As graphs get larger, it is important to go about finding the MST in a methodical way. In the mid 1950’s, there was a desire to form an algorithmic approach for solving the ’traveling salesperson’ problem^[We will describe this problem in a future section of this module]. Joseph Kruskal first published this algorithm in 1956 in the Proceedings of the American Mathematical Society^[]. The algorithms prior to this were, as Kruskal said, “unnecessarily elaborate” thus the need for a more succinct algorithm arose.


In his original work, Kruskal outlined three different yet similar algorithms to finding a minimum spanning tree. The Kruskal Algorithm that we use is as follows:

  1. Start with only the nodes of the graph and an empty set for the edges
  2. Order the edges based on weight
  3. Make each node their own set
  4. Go through the edges in ascending order
  5. If nodes u and v are connected by the edge and they are not in the same set yet, then join the two sets and add the edge to your set of edges

Starting Graph

Kruskal Example Start Kruskal Example Start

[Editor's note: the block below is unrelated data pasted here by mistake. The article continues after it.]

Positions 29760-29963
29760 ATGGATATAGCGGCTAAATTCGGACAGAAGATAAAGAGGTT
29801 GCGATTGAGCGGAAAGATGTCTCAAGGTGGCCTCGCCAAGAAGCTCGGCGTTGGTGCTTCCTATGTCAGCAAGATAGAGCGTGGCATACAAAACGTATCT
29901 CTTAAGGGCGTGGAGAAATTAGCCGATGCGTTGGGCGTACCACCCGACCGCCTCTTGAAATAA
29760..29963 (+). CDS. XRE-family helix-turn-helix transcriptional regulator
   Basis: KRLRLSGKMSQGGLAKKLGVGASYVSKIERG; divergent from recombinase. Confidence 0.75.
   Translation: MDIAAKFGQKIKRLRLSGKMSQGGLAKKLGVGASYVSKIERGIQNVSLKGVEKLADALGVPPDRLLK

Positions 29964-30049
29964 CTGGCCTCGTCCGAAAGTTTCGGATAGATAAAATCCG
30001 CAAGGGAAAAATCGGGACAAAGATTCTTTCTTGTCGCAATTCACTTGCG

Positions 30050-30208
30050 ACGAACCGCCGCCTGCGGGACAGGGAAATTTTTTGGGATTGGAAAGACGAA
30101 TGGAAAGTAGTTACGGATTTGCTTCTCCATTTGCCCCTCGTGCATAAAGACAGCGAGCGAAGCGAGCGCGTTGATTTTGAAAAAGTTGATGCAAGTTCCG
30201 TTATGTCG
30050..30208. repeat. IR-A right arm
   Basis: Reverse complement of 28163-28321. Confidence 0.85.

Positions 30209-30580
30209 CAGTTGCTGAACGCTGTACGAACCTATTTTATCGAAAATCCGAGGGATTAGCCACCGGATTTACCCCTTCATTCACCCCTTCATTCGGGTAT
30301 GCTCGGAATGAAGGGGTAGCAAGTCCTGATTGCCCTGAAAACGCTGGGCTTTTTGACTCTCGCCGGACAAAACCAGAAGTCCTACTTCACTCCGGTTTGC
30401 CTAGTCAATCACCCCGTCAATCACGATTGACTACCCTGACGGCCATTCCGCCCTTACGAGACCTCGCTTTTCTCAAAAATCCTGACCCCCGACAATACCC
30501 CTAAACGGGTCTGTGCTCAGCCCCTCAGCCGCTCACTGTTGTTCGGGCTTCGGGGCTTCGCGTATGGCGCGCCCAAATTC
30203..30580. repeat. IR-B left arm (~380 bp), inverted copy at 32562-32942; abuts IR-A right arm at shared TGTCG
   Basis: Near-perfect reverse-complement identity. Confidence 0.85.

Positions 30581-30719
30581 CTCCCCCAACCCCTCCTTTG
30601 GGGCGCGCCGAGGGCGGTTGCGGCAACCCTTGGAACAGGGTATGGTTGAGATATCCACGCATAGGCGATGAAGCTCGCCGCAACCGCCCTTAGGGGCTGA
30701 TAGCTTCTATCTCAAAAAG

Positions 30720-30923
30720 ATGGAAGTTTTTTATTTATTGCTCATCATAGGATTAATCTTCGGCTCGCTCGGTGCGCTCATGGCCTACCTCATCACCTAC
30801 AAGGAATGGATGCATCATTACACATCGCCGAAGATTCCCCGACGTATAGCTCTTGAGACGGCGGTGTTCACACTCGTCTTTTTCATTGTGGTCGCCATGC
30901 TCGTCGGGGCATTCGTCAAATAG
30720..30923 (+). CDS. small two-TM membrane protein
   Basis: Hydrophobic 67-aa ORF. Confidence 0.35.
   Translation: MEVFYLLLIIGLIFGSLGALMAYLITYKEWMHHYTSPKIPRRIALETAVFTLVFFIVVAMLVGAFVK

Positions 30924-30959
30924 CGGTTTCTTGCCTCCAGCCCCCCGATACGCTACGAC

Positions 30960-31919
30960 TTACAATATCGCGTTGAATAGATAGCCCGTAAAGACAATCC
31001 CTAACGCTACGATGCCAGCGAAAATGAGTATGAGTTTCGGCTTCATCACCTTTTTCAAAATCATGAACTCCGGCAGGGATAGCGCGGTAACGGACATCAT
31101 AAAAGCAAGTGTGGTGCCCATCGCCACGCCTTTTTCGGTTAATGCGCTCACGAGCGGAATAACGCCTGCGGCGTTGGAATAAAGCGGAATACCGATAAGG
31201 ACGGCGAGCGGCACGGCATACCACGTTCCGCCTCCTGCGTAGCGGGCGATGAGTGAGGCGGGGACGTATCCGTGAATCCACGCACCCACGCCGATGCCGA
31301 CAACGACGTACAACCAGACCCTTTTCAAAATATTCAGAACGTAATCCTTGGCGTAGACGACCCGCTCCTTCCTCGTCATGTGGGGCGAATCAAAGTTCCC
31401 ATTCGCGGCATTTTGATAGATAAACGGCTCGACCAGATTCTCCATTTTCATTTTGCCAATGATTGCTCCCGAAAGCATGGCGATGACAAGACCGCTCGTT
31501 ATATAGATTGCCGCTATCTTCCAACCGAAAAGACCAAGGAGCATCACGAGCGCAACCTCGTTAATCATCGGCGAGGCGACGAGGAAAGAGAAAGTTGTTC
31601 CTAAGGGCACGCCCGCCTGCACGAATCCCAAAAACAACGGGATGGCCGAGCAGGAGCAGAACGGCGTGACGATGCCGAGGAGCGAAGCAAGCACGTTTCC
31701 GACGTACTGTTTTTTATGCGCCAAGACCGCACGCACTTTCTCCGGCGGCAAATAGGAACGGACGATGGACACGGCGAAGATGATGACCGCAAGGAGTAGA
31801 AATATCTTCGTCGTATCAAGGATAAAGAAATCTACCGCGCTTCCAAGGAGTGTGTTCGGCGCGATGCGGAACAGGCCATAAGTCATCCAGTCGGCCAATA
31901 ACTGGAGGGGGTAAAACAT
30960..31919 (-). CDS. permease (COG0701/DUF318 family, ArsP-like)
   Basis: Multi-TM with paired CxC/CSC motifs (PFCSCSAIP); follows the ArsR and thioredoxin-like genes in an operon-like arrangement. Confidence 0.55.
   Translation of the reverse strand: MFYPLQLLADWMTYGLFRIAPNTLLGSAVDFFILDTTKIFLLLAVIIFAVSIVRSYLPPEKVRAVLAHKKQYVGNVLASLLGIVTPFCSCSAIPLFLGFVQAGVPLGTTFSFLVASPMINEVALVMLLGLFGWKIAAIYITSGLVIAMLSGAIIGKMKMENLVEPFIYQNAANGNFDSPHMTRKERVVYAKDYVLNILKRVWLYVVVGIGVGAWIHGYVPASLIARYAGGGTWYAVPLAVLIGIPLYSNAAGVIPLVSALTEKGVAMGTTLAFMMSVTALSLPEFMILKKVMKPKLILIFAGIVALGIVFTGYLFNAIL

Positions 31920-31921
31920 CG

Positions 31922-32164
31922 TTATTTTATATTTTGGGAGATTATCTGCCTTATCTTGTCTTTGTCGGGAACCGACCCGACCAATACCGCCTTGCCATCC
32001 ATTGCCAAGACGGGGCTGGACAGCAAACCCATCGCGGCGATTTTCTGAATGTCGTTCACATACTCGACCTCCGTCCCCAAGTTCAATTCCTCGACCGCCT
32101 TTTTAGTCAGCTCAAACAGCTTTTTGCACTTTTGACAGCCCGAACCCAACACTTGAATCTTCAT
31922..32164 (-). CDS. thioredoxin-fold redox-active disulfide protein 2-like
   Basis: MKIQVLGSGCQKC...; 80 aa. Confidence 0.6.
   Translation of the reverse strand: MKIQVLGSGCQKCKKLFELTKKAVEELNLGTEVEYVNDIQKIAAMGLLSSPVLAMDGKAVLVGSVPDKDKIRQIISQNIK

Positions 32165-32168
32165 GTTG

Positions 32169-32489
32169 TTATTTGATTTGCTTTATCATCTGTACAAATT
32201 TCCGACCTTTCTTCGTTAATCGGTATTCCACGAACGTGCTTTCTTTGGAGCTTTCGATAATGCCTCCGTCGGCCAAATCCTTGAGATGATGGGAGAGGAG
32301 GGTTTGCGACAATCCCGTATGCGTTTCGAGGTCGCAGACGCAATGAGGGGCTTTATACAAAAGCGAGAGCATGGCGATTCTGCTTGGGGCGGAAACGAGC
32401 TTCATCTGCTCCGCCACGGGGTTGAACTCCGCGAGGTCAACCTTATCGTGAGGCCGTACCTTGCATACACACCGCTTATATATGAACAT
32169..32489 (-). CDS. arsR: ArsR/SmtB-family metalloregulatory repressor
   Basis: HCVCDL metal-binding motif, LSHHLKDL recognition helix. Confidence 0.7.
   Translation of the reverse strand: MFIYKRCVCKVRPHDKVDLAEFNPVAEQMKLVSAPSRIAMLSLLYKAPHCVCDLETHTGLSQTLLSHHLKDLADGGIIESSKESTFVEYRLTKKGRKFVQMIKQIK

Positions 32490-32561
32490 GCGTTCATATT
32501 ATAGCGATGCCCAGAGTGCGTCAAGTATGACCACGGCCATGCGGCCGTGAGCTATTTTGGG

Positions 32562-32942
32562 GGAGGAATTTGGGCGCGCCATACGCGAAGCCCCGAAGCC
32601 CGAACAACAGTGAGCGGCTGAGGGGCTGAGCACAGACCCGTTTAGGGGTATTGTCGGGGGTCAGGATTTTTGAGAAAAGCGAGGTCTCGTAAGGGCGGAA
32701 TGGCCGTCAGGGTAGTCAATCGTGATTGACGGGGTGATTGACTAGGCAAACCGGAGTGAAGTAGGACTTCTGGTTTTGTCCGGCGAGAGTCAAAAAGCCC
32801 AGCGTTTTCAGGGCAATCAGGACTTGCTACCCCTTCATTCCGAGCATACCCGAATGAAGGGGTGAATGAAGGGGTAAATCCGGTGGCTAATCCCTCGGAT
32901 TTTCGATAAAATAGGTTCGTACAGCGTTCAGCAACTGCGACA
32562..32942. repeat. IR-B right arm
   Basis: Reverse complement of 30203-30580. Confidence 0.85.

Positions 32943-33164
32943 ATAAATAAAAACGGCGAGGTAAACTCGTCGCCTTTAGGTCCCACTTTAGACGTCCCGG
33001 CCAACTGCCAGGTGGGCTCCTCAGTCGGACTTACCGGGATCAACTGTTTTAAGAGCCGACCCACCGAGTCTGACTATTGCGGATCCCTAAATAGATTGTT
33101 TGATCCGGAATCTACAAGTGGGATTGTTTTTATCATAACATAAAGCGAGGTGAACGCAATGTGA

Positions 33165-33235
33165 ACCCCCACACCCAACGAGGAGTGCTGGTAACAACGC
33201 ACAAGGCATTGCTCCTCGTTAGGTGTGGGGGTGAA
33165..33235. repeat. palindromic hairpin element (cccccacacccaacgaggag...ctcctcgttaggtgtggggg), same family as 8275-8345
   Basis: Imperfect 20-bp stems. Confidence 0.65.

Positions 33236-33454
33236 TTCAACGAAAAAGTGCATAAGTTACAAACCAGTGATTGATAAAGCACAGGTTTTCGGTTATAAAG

Kruskal Example GIF Kruskal Example GIF

Resulting MST

Kruskal Example Result Kruskal Example Result


    MST = GRAPH without the edges attribute(s)
    ALLSETS = an empty list which will contain the sets
        SET = a set with element NODE
        add SET to ALLSETS
    EDGES = list of GRAPH's edges
    SORTEDEDGES = EDGES sorted by edge weight, smallest to largest
        SRC = source node of EDGE
        TAR = target node of EDGE
        SRCSET = the set from SETS in which SRC is contained
        TARSET = the set form SETS in which TAR is contained
        if SRCSET not equal TARSET
            UNIONSET = SRCSET union TARSET
            add UNIONSET to ALLSETS
            remove SRCSET from ALLSETS
            remove TARSET from ALLSETS
            add EDGE to MST as undirected edge
    return MST